Mar 2, 201103:08 PMChina Mom
All I can give is never enough
I recently read an article by a young adult woman who was adopted from Korea as a baby. She had the opportunity to find her birthmother recently and was lucky enough to not only find her, but travel to Korea and actually meet her.
She said that her birthmother started crying the minute they met and gently stroked her hand the entire time they talked. She told her about the circumstances of her birth and why she couldn’t keep her.
At the end of their meeting, her birthmother’s husband – who isn’t her birthfather – asked the young woman if she would accept him as her Korean father. That blew her away because bloodline is extremely important in Korean culture. But her biggest surprise came when they gave her their 24-karat gold wedding jewelry. She said she almost felt unworthy of their family heirloom and was speechless by the unconditional love she felt from them.
Afterward, they went to dinner and even though they couldn’t speak the same language, she said walking down the street arm-in-arm conveyed more feelings than words ever could.
The young adoptee said she loves her parents very much, but she had “always longed for that sense of belonging.”
This story – and so many like it – tear at my heart. I can give my daughter everything – all the kisses and hugs she can stand; all the fancy dresses she insists on; all the outings to the museum, the zoo and the park; a great education; books, toys, games and dolls – I can give her everything ...except an answer. I can't give her that sense of belonging.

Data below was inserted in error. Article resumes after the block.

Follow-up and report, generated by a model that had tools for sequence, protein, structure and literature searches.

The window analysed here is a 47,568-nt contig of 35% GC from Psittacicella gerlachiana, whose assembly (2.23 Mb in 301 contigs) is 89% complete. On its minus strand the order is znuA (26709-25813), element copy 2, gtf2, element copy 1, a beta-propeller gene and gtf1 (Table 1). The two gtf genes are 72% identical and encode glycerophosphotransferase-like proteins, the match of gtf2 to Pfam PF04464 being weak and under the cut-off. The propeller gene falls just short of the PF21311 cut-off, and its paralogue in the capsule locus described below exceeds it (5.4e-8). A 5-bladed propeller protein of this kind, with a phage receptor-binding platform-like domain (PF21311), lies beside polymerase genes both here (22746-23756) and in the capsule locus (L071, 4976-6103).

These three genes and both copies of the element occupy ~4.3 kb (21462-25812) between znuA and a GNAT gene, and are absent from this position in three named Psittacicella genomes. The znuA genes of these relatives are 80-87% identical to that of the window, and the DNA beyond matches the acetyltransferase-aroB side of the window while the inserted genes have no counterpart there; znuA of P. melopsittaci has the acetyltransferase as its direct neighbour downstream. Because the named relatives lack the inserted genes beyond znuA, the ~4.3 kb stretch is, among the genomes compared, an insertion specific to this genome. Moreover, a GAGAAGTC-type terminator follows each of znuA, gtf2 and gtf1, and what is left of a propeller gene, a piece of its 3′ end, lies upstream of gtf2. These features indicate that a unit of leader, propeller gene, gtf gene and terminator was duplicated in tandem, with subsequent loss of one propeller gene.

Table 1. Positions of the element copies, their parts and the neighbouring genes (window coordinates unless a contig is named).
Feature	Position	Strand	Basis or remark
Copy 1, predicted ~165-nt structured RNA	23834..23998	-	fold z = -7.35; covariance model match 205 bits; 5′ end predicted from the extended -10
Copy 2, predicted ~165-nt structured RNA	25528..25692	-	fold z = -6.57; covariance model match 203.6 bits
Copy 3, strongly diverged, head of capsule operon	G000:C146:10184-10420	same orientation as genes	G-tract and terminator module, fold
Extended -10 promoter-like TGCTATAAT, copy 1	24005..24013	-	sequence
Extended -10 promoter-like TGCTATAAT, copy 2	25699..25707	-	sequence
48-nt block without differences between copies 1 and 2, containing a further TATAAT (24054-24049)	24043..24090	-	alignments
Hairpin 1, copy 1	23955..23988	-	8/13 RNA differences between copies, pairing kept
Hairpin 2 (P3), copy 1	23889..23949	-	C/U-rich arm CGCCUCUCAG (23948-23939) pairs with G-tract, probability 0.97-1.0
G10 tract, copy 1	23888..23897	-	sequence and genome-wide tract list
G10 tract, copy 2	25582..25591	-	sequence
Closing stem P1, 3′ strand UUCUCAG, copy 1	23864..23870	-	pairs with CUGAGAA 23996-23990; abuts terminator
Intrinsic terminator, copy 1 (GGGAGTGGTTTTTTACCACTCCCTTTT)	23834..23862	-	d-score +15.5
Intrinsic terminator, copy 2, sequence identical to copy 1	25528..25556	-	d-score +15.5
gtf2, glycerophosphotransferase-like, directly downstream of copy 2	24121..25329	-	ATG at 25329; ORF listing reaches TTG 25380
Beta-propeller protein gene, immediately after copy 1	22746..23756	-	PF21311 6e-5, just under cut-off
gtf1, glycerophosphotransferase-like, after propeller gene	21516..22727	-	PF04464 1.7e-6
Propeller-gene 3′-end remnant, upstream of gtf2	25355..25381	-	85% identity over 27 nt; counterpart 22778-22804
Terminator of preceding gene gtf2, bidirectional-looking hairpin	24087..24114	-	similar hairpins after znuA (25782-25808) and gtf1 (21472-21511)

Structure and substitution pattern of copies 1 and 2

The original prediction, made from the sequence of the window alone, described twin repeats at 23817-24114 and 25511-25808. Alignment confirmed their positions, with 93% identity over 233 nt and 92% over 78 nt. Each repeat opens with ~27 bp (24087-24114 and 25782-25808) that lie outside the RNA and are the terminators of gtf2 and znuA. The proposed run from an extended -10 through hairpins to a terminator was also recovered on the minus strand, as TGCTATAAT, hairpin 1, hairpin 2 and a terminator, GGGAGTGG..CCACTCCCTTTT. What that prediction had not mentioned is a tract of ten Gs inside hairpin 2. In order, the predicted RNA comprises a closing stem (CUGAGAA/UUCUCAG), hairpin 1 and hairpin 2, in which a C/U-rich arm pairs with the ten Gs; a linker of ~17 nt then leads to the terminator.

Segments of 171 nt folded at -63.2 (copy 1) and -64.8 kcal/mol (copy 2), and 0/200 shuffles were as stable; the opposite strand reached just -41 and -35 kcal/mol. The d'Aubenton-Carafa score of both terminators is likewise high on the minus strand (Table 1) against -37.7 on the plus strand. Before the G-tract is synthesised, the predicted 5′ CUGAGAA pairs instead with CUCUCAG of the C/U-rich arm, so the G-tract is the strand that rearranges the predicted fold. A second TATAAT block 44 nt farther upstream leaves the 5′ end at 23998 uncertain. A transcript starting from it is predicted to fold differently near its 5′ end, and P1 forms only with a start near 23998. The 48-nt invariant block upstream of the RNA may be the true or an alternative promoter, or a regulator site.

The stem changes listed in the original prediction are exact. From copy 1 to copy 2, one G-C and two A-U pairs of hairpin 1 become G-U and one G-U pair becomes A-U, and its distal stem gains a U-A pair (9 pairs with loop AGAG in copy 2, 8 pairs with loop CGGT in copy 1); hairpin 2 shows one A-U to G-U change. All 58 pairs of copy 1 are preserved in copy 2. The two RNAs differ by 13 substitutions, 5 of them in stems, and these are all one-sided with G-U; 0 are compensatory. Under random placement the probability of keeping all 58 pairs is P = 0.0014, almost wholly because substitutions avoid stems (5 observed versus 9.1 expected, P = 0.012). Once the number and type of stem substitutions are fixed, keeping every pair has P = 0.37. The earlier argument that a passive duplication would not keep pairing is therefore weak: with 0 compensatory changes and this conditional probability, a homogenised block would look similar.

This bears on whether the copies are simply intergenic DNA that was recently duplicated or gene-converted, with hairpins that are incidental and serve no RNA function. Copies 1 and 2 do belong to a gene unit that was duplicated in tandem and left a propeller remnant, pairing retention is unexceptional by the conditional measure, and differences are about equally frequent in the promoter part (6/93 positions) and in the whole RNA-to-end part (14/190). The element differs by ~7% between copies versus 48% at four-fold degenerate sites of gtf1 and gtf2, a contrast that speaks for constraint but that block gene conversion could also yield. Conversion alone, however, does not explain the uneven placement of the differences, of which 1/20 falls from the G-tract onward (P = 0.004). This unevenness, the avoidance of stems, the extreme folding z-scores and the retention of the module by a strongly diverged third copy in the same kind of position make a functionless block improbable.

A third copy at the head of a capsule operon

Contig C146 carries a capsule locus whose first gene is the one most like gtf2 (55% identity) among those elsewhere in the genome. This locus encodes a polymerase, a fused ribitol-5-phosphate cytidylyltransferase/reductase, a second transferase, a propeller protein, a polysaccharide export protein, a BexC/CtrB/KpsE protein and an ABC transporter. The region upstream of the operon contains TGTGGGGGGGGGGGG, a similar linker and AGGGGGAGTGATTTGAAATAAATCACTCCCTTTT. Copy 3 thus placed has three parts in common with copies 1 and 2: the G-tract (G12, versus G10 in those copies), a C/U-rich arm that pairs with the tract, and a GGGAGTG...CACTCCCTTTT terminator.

And unlike the Korean adoptee in the story, my child will never meet her birthmother. It is simply impossible. Unlike Korea, China has no record of her birthparents.
All we know is that someone - maybe her birthmother, maybe someone else - left Piper at the gates of an office building when she was one day old. They didn't leave a note. They didn't leave any information. They simply disappeared.
Finding birthparents with any information is difficult. With no information, it's basically impossible. The simple fact is, we will never know who Piper's birthparents are.
At this point, Piper hasn’t expressed much interest in her birthparents. It’s still a very foreign concept to her – no pun intended. I’m sure as she gets older, she’ll have questions and begin to wonder what most adoptees wonder: what does my birthmother look like? Does she have my eyes? Does she have my mouth? Where did I come from? Where do I belong?
And no matter what I do, no matter how much love I give her…I can never fill in those blanks. And I will always wonder whose heart will ache more because of this – hers or mine?